First, a machine will be selected. We generate a random number from uniform distribution . A userspecified number represents the relative importance of exploitation versus exploration. If an ant is apt to select the smallest makespan machine among all unrelated parallel machines according to (8); otherwise a machine is chosen according to the probability distribution defined in (9)
4.1.2. Job Selection
A job will be selected after a machine has been chosen. Job selection defined in (10) considers the heuristic information and pheromone trails together. We generate a random number from uniform distribution . is a userspecified number. If an ant is apt to select the smallest tardiness job processed on machine according to (10); otherwise a job is chosen according to the probability distribution defined in (11). Pheromone trails indicate the favorability of assigning job to a machine and set to 0 initially. is heuristic information which suggests the greedy heuristic of processing the job on machine that takes the least amount of tardiness, which is presented in (12). Parameters and are the relative importance of pheromone trails and heuristic information, respectively. represents a set of unscheduled jobs in (11)
4.1.3. Machine Reselection
Since the computation of energy consumption and total tardiness need to confirm machine and job sequence simultaneously, the independent selection strategy may not find the appealing solution. In order to solve this problem, a machine reselection will be executed after job has been selected. An ant will select machine according to (13), which aims at minimizing the weighted sum of energy consumption and total tardiness when processing job on machine :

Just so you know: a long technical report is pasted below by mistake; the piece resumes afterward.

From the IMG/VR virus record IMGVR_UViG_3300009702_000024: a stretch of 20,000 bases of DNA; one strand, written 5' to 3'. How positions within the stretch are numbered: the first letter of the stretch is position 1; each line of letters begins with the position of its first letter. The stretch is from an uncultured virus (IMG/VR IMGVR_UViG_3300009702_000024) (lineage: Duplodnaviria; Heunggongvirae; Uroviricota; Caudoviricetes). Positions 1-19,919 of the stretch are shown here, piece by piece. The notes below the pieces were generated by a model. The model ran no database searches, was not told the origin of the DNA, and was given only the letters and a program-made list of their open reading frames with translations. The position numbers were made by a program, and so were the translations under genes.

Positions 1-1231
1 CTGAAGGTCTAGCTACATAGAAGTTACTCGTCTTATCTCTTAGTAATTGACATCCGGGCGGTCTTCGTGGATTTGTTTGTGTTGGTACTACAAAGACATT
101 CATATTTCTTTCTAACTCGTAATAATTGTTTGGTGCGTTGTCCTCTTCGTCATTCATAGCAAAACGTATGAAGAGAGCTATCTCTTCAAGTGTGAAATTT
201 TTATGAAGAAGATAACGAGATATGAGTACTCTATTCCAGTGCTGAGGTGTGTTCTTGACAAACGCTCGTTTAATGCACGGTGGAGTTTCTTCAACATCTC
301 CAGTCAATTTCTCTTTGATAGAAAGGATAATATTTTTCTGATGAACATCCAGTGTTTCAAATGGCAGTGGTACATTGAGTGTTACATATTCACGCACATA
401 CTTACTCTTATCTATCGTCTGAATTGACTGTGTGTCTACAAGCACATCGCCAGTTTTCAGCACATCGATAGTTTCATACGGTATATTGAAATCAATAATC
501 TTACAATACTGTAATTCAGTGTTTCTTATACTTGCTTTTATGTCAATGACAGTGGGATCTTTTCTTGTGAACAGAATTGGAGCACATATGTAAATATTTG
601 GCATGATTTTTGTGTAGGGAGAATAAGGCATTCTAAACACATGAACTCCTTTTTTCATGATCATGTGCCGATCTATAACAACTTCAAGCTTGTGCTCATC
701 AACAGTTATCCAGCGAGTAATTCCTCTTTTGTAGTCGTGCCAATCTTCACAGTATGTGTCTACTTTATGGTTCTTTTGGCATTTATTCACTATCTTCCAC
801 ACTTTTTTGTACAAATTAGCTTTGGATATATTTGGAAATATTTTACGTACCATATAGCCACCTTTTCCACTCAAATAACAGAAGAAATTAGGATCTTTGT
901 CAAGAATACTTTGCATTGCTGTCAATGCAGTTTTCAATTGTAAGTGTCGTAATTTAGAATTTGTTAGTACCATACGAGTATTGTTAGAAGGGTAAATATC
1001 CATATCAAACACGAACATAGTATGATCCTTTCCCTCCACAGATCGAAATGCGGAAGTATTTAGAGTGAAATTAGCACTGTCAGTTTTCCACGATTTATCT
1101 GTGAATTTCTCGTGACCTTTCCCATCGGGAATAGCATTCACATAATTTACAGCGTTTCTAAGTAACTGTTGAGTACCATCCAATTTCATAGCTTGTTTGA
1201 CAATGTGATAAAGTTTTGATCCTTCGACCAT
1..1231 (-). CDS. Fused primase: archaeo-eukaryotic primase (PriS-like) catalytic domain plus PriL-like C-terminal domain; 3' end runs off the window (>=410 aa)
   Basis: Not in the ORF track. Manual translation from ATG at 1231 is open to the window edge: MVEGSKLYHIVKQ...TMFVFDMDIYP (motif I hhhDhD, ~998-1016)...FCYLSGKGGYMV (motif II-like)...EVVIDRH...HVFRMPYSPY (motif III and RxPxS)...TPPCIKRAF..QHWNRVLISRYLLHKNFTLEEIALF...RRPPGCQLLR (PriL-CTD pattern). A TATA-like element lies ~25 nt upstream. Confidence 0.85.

After three steps (machine selection, job selection, and machine reselection) are executed, a job is assigned to a machine . Repeat the operations above until all jobs are distributed; then a solution construction is finished.
4.2. Local Search
Dorigo and Stützle [22] have proved that ACO algorithm may be further improved by incorporating an appropriate local search algorithm. Therefore, we include two local search strategies (LS1 and LS2) in our implementation of ACOATC algorithm.
The first procedure (LS1) searches for new solutions by swapping jobs on the same machine. The second procedure (LS2) searches for new solution by transferring jobs from the machine with the highest objective value to the machine with the lowest one. The computation of its implementation is . The pseudocode for local search algorithm is summarized in Pseudocode 1.